BIT predicate

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In mathematics and computer science, the BIT predicate or Ackermann coding, sometimes written BIT(ij), is a predicate which tests whether the jth bit of the number i is 1, when i is written in binary.

History[edit]

The BIT predicate was first introduced as the encoding of hereditarily finite sets as natural numbers by Wilhelm Ackermann in his 1937 paper[1][2] (The Consistency of General Set Theory).

Each natural number encodes a finite set and each finite set is represented by a natural number. This mapping uses the binary numeral system. If the number n encodes a finite set A and the ith binary digit of n is 1, then the set encoded by i is an element of A.

The Ackermann coding is a primitive recursive function.[3]

Implementation[edit]

In programming languages such as C, C++, Java, or Python that provide a right shift operator >> and a bitwise Boolean and operator &, the BIT predicate BIT(ij) can be implemented by the expression (i>>j)&1. Here the bits of i are numbered from the low order bits to high order bits in the binary representation of i, with the ones bit being numbered as bit 0.[4]

Private information retrieval[edit]

In the mathematical study of computer security, the private information retrieval problem can be modeled as one in which a client, communicating with a collection of servers that store a binary number i, wishes to determine the result of a BIT predicate BIT(ij) without divulging the value of j to the servers. Chor et al. (1998) describe a method for replicating i across two servers in such a way that the client can solve the private information retrieval problem using a substantially smaller amount of communication than would be necessary to recover the complete value of i.[5]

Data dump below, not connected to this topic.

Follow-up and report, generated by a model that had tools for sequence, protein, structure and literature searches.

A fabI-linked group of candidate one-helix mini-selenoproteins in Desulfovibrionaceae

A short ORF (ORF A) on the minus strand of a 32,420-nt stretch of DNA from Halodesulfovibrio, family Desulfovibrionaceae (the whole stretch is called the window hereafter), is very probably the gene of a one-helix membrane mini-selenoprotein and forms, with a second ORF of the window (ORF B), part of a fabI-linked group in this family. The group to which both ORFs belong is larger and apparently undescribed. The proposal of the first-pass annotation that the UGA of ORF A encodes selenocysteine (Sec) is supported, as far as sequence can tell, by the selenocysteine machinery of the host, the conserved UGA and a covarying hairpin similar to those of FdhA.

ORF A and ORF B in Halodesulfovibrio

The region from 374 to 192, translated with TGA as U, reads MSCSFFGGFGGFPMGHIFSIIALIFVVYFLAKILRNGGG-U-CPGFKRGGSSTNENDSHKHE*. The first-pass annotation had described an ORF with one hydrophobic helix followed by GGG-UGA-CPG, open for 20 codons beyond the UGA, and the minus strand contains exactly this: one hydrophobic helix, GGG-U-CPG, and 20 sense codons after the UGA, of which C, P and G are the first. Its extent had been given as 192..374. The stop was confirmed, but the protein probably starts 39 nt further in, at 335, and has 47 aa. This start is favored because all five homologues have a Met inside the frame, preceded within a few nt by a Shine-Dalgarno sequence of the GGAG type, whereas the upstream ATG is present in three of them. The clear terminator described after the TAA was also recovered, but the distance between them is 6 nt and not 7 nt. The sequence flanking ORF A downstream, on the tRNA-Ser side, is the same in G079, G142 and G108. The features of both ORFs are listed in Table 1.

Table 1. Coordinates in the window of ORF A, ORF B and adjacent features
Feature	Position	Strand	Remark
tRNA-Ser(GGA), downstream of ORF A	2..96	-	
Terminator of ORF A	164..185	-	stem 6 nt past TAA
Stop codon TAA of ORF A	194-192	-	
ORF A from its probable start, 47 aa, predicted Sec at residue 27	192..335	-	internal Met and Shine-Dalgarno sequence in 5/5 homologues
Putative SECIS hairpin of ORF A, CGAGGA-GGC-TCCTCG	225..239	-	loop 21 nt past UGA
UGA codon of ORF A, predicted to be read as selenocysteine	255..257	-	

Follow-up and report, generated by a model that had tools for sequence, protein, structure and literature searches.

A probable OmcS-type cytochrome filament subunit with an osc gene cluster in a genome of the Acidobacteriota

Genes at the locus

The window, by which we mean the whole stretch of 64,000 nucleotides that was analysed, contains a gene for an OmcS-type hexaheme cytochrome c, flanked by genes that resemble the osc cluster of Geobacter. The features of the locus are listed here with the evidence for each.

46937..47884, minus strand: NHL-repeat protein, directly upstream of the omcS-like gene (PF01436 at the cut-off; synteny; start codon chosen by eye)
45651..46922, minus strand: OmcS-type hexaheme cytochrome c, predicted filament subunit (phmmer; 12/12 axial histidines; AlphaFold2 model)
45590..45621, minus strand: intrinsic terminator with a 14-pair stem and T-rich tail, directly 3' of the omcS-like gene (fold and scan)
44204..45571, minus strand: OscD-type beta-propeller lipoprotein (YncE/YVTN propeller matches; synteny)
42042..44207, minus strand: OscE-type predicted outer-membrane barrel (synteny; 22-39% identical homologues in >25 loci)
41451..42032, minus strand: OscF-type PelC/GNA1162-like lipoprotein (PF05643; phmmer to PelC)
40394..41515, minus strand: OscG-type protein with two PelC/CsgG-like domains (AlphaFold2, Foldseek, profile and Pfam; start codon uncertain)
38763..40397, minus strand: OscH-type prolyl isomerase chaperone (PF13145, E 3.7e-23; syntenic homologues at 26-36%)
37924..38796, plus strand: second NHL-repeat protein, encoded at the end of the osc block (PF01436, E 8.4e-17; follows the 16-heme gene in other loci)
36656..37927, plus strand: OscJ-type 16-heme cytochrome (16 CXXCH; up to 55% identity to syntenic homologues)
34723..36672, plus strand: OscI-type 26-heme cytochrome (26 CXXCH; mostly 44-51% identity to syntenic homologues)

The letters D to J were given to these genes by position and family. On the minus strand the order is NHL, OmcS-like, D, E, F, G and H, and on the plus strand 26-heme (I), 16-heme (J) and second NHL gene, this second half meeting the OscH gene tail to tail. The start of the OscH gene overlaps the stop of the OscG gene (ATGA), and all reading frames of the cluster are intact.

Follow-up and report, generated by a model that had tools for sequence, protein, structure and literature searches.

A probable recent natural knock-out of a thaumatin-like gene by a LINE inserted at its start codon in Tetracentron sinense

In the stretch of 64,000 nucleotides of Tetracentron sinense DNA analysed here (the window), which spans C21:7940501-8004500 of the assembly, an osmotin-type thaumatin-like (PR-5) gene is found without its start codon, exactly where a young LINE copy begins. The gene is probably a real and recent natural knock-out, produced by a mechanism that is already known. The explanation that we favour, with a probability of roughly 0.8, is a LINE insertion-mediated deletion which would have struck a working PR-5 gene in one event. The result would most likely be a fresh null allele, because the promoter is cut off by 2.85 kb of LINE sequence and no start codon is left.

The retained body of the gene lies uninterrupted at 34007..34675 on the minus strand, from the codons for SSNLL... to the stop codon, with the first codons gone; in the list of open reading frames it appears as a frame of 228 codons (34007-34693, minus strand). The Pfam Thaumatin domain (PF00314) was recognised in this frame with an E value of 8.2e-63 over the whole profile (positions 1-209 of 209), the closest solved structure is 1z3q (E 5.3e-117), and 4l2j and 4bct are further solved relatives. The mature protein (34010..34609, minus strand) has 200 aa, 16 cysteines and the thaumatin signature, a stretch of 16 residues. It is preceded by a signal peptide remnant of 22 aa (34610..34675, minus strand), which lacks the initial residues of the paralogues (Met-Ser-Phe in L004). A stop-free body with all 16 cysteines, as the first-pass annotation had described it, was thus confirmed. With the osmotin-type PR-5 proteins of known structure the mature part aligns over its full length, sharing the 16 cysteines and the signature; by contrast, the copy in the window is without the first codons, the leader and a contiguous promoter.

Mathematical logic[edit]

The BIT predicate is often examined in the context of first-order logic, where we can examine the system resulting from adding the BIT predicate to first-order logic. In descriptive complexity, the complexity class FO + BIT resulting from adding the BIT predicate to FO results in a more robust complexity class.[6] The class FO + BIT, of first-order logic with the BIT predicate, is the same as the class FO + PLUS + TIMES, of first-order logic with addition and multiplication predicates.[7]

Construction of the Rado graph[edit]

The Rado graph: for instance there is an edge from 0 to 3 because the 0th bit of 3 is non zero.

Ackermann in 1937 and Richard Rado in 1964 used this predicate to construct the infinite Rado graph. In their construction, the vertices of this graph correspond to the non-negative integers, written in binary, and there is an undirected edge from vertex i to vertex j, for i < j, when BIT(j,i) is nonzero.[8]

References[edit]

  1. ^ Ackermann, Wilhelm (1937). "Die Widerspruchsfreiheit der allgemeinen Mengenlehre". Mathematische Annalen. 114: 305–315. doi:10.1007/bf01594179. Retrieved 2012-01-09. 
  2. ^ Kirby, Laurence (2009). "Finitary Set Theory". Notre Dame Journal of Formal Logic. 50 (3): 227–244. doi:10.1215/00294527-2009-009. Retrieved 27 January 2017. 
  3. ^ Rautenberg, Wolfgang (2010). A Concise Introduction to Mathematical Logic (3rd ed.). New York: Springer Science+Business Media. p. 261. doi:10.1007/978-1-4419-1221-3. ISBN 978-1-4419-1220-6. 
  4. ^ Venugopal, K. R. (1997). Mastering C++. Muhammadali Shaduli. p. 123. ISBN 9780074634547. .
  5. ^ Chor, Benny; Kushilevitz, Eyal; Goldreich, Oded; Sudan, Madhu (1998). "Private information retrieval". Journal of the ACM. 45 (6): 965–981. doi:10.1145/293347.293350. .
  6. ^ Immerman, Neil (1999). Descriptive Complexity. New York: Springer-Verlag. ISBN 0-387-98600-6. 
  7. ^ Immerman, Neil (1999). Descriptive Complexity. New York: Springer-Verlag. pp. 14–16. ISBN 0-387-98600-6. 
  8. ^ Rado, Richard (1964). "Universal graphs and universal functions" (PDF). Acta Arith. 9: 331–340. .